The NHS is the largest employer in Europe and the 4th largest employer in the world. Yet it never ceases to amaze me that it doesn't measure whether it is achieving its prime purpose of making people better. It's good at measuring how many operations, outpatient appointments and CT scans it does but it doesn't measure whether patients leave the hospital in a better state than when they arrived.
Take my wife's shoulder. She had a spur on her sub acramial joint causing her pain. On a score of 1-10 she rated it at about a 6. For about 2 months after the op, it was a 9 and then gradually improved as the wound healed to a 6. At no point has it ever been better (pain wise) than just prior to her operation. i.e. it was a pointless operation. However, the highly respected surgeon noted that the procedure went well and will record this operaton as a success. It reminds me of a cartoon I once saw in which a surgeon commented "the operation was a success but unfortunately the patient died". Thankfully my wife didn't die, but you get the point; surgeons are often more interested in technical ability than patient outcome.
I accept that not all operations are successful, but I wonder how aware patients are of the health gain they should expect rather than just the risks of complications that accompanies the consent process. You would be excused for thinking that surgeons would be offering this impartial advice, but you'd be wrong, because surgeons like to cut and it's what they went to medical school for.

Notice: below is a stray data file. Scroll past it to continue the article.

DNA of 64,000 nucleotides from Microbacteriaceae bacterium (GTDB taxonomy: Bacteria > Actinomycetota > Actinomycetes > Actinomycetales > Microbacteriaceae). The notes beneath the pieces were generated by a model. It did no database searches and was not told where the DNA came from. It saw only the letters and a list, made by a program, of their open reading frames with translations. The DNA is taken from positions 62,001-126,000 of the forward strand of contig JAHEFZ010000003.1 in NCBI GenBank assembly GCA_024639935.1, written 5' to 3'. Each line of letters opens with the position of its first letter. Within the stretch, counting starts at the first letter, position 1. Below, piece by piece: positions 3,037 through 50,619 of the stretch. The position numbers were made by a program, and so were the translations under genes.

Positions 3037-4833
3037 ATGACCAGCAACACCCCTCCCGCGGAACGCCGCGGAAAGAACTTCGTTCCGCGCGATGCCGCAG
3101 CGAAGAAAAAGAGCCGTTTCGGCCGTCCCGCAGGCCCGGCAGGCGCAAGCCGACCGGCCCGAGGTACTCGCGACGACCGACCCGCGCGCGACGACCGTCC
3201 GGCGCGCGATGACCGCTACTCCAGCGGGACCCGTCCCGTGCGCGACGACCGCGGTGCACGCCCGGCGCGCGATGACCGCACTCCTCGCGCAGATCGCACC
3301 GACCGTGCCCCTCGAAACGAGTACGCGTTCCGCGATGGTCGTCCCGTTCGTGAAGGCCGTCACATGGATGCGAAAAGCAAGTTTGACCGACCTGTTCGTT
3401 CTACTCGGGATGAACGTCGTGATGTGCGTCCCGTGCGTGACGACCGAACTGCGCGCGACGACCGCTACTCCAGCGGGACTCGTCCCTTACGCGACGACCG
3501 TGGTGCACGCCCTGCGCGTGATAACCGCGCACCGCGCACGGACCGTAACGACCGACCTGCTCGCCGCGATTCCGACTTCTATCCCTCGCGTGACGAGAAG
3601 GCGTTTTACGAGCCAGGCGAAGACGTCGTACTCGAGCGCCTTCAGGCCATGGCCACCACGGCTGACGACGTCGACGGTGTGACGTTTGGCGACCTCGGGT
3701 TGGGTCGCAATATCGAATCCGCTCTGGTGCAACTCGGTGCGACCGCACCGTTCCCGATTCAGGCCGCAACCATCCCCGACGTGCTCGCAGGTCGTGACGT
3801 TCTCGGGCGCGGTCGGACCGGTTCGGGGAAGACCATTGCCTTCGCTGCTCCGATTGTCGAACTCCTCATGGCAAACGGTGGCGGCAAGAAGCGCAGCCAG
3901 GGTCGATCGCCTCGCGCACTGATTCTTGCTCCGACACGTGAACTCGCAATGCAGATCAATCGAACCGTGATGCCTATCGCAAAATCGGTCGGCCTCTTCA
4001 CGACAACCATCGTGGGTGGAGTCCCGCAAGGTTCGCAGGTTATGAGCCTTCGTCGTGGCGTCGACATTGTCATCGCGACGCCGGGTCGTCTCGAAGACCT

So what can be done? Well, personally I'd like to see patients offered before and after questionnaires that quantifies their health status. This isn't as hard as you think, and EQ-5D is a useful measure if you want to look (http://www.euroqol.org/home.html). All the questionnaires could then be collated centrally, entered on a database that enables comparisons of healthgain by surgeon for any given procedure. Now that would lead to an interesting discussion with your GP. Not only would we all as patients be better informed about whether we would prefer to wait for surgeon x in Andover rather than be seen by surgeon y in York, but we may also weigh up the odds and decide "nah - no thanks, I think I'll live with it". And if the NHS has to save £20bn by 2014, we do worse than to stop doing operations which don't benefit patients.